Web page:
Ethos Percussionists perform, educate – plk

Veronica Devore

This past weekend, Lawrence hosted the Ethos Percussion Group as part of the annual Performing Arts at Lawrence concert series. The New York City-based group performed five works for percussion ensemble, including one in collaboration with Lawrence percussion students.
In addition to giving a concert on the evening of April 1, the group hosted a drumming circle and a master class during their time at Lawrence. They expressed admiration at the quality of the Lawrence conservatory’s percussion program and were eager to interact with and teach students. Trey Files, a long-standing member of the group, composed the piece “See/Change” to be performed by Ethos and up to four percussion students. Four members of Lawrence’s own percussion ensemble, LUP, joined Ethos for this piece that expands upon a single syncopated rhythmic figure.
In addition to Files’ composition, Ethos also performed works by John La Barbera, Glen Valez, Steve Reich, and Samir Chatterjee. Each piece used a different combination of instruments, from marimba to snare drum to conch shell. Reich’s piece, entitled Drumming I, requires all four musicians to perform together on a single long woodblock. The resulting effect is somewhat hypnotic, as each performer plays a slightly different elaboration on the same rhythmic idea. Chatterjee’s composition Rite Rhythm was commissioned for Ethos in 1999 and is designed to reflect the percussion tradition around the world. The piece was originally written in traditional Indian musical notation, but Ethos member Eric Phinney transcribed it to western notation so that the group could perform it more easily.
Ethos currently maintains an extremely active schedule, comprised of both performance and educational engagements. They consistently work with students in New York City public schools, teaching through both concert and classroom activities. In addition, Ethos is an ensemble-in-residence at a New York high school for the Performing Arts. Their dedication to educating young musicians is evident in the organization World Beat, which they created in 2004 to benefit arts education.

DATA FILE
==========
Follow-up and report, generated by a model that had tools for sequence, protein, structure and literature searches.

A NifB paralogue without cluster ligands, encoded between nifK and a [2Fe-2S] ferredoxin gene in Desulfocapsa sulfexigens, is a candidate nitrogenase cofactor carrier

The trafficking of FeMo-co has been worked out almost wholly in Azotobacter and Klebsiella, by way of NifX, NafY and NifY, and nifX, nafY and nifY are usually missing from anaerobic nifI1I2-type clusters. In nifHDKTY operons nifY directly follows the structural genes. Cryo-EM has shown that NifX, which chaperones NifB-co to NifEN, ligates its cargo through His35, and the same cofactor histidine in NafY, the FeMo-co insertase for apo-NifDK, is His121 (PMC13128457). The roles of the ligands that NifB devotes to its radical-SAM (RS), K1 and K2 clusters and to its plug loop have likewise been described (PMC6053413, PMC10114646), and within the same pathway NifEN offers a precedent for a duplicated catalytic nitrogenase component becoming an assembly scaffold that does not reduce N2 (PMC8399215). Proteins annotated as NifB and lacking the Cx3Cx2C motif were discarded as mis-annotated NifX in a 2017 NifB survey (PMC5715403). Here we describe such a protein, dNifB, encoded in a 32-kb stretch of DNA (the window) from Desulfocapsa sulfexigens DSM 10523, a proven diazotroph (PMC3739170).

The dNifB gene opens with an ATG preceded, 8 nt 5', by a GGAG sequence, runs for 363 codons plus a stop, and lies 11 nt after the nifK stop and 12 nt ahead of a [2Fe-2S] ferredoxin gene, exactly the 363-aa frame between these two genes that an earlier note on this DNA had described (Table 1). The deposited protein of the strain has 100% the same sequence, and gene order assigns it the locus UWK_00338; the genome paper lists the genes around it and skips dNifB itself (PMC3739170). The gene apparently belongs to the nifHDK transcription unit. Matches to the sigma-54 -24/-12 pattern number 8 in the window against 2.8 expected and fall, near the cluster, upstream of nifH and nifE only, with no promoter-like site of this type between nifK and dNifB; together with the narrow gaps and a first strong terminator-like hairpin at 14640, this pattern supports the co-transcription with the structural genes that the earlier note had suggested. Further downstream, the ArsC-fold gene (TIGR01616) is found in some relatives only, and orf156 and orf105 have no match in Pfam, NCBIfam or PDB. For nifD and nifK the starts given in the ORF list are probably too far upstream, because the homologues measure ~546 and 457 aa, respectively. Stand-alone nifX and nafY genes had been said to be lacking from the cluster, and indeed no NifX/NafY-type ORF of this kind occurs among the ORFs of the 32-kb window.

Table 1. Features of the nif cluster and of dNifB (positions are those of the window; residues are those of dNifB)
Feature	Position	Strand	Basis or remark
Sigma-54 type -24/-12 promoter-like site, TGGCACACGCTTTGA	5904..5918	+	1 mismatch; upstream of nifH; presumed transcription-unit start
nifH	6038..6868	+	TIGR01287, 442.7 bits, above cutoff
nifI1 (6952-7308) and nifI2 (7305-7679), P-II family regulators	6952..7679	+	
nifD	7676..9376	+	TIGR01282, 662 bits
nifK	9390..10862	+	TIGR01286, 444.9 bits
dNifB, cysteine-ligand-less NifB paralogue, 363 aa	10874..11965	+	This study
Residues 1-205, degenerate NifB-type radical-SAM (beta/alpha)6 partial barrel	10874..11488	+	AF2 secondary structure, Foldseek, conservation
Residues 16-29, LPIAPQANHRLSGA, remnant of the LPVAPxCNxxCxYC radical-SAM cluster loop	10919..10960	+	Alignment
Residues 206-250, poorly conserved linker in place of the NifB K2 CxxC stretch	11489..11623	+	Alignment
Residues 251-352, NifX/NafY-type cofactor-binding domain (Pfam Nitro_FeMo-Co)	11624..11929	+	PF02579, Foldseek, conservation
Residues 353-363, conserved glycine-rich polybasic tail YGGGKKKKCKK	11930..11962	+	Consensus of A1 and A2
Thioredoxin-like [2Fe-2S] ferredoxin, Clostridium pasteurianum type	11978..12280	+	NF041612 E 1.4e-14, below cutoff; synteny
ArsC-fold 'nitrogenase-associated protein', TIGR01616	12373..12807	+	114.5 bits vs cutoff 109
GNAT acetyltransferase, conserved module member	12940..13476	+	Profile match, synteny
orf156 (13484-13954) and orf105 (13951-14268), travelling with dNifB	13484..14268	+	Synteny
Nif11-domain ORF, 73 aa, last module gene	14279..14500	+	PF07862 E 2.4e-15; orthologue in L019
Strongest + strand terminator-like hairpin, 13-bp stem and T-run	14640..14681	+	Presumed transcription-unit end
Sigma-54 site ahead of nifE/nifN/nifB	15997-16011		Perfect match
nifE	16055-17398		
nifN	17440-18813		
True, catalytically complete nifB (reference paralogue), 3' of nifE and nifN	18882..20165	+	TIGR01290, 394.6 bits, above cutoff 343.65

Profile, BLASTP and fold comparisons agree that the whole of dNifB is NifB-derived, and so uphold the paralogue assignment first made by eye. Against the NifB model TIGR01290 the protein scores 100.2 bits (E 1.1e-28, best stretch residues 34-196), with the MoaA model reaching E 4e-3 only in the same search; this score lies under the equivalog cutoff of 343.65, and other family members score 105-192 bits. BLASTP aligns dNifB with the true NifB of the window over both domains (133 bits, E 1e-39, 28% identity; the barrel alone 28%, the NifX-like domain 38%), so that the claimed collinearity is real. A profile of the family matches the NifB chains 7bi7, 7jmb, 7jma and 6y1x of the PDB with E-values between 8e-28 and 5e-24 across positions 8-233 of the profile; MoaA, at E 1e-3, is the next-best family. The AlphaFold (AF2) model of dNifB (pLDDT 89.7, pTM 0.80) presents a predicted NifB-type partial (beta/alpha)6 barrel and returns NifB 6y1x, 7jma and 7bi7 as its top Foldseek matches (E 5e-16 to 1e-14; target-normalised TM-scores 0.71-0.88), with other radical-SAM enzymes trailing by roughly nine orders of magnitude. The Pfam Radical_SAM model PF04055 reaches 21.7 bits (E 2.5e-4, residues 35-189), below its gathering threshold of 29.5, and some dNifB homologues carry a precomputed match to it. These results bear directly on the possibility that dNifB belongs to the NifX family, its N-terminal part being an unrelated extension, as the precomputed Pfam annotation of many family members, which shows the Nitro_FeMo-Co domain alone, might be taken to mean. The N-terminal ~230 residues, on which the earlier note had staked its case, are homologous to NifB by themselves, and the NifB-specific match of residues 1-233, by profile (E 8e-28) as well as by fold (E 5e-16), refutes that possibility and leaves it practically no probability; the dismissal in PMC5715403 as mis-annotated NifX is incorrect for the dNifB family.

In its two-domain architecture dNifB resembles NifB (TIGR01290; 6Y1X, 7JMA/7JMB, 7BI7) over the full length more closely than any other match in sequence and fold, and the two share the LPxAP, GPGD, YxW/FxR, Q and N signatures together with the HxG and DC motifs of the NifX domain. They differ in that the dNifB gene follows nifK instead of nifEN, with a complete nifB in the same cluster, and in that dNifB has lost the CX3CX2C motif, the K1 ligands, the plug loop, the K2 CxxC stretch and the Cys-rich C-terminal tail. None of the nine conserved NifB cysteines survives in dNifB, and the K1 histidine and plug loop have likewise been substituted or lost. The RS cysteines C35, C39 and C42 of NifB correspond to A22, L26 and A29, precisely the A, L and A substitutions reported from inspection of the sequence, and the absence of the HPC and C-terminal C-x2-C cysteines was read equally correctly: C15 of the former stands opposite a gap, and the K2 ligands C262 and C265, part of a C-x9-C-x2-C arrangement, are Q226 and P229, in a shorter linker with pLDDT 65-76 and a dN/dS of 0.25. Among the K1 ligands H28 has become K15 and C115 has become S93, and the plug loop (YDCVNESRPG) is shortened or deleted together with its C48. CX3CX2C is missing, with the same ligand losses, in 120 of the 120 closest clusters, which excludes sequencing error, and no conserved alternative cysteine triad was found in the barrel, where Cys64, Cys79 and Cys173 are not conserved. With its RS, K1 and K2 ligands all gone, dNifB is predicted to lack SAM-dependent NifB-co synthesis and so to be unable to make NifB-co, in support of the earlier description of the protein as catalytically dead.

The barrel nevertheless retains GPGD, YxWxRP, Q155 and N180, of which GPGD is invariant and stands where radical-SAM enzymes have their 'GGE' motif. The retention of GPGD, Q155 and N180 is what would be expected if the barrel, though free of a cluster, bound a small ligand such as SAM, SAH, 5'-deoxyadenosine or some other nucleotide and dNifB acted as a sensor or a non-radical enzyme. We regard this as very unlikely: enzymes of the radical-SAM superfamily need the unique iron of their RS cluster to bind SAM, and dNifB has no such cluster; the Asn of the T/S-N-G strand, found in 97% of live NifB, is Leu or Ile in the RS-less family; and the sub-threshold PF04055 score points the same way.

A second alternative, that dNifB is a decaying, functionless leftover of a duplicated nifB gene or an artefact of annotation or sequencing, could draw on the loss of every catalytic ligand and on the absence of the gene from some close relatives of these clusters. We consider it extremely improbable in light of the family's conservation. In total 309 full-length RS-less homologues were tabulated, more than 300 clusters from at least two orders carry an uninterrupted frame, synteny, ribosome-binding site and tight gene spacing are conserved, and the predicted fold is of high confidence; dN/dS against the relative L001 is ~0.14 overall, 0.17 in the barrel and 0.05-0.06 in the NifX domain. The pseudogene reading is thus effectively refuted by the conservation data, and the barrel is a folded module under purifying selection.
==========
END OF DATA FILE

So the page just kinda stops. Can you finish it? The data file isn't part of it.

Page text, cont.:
All members of Ethos are active performers as well; individually, they have performed with Philip Glass, Yo-Yo Ma, and the New York City Ballet, among many others. Their regular performance schedule includes venues and universities across the country, from New York to Idaho. They perform in Wisconsin fairly regularly, and, in addition to Appleton, they have been to the La Crosse and Milwaukee areas in recent months.
Ethos’ weekend at Lawrence was an inspirational and educational experience for those who attended the concert and for the students who had the opportunity to work directly with the group. Their commitment to quality performance and to the education of young musicians has made Ethos an extremely sought-after ensemble on the percussion scene.